Research at RIT aims to build neurons from scratch
A researcher at the Rochester Institute of Technology has teamed up with universities across the country to build a neuron from scratch.
“Neurons are one of the most complex cells in our body,” said theoretical physicist Moumita Das, the RIT member of the six-university team. “So the experiments are quite challenging and, at the same time, exciting.”
The neuron is one of the basic structures of the brain and nervous system. Interactions between neurons “define who we are as people,” as the University of Queensland in Australia puts it.
But the project doesn’t end with one neuron.
“The next step is to build a synapse, which is how neurons communicate,” Das said. “One neuron by itself is not going to do anything. Neurons have to be able to talk to each other.”
After that, said Das, the researchers plan to build a neural network -- a web of synthetic neurons that can communicate and solve problems.
The project will blend the disciplines of physics, chemistry, and biology, researchers said.
Ultimately, the project has medical applications, like repairing damaged spinal cords. But it’s also aimed at enhancing the capabilities of artificial intelligence.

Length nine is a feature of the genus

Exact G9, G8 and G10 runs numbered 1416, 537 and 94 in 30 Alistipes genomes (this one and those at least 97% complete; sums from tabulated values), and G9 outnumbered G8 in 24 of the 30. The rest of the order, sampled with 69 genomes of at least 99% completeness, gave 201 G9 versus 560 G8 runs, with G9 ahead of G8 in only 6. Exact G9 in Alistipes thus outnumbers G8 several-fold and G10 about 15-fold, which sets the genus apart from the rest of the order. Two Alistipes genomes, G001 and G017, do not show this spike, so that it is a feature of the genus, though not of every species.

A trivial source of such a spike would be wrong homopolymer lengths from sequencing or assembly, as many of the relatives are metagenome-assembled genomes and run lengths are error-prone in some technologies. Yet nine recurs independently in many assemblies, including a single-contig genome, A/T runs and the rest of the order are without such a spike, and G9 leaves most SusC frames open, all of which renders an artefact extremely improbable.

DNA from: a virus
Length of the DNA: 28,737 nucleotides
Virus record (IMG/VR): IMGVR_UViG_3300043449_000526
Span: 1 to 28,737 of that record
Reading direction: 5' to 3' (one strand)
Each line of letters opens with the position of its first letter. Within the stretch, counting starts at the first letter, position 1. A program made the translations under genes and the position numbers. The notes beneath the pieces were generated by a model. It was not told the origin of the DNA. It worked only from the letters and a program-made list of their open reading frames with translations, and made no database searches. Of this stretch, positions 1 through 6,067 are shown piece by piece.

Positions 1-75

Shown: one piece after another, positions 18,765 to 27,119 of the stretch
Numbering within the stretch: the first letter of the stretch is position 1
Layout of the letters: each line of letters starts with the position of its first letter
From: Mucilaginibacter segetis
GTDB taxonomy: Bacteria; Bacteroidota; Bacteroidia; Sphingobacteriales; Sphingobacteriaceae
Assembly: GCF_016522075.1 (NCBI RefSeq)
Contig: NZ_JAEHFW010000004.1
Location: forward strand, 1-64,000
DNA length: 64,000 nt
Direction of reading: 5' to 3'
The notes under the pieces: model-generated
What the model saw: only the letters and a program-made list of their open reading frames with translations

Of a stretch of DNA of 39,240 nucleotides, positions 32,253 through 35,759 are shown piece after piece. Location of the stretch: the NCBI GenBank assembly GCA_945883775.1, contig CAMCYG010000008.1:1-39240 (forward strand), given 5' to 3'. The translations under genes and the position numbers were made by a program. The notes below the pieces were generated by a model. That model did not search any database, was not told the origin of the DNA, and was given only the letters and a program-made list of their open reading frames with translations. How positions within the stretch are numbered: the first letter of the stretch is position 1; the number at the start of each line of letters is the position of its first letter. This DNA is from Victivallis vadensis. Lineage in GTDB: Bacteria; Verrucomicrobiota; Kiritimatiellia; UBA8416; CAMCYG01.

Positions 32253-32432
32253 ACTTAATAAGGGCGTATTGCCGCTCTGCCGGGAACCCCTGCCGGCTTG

Das acknowledged some ethical concerns about the work.
“This is a high-risk, high-reward project, right? When you say, ‘synthetic neuron, a network of synthetic neurons,’ somebody might think that, ‘Oh, you’re going to build an artificial brain that can then, you know, replace human cognition,’ right? But that’s not what we are trying to do,” she said.
She said fears of a runaway project are unfounded.
“As scientists, you know, yes, we get excited about science, but we are also very careful people,” said Das. “Most of us have also grown up on a steady diet of dystopian science fiction, so I think we are all quite careful.”
Barbara Herr Harthorn is an anthropologist at the University of California, Santa Barbara, who is working with the research team to identify ethical concerns.
“We’re looking for how the public makes sense of this,” she said. “The public should be engaged in this work, and if there is well-founded opposition, we need to know why.
“The public good is a fundamental aim -- this is technology development for the benefit of society,” she said. “How you determine in a really complicated, multicultural society like ours, what the benefit is, is a really valid concern.”
The work at RIT is funded through a $570,000 grant from the National Science Foundation. The funding is set to last through August 2023.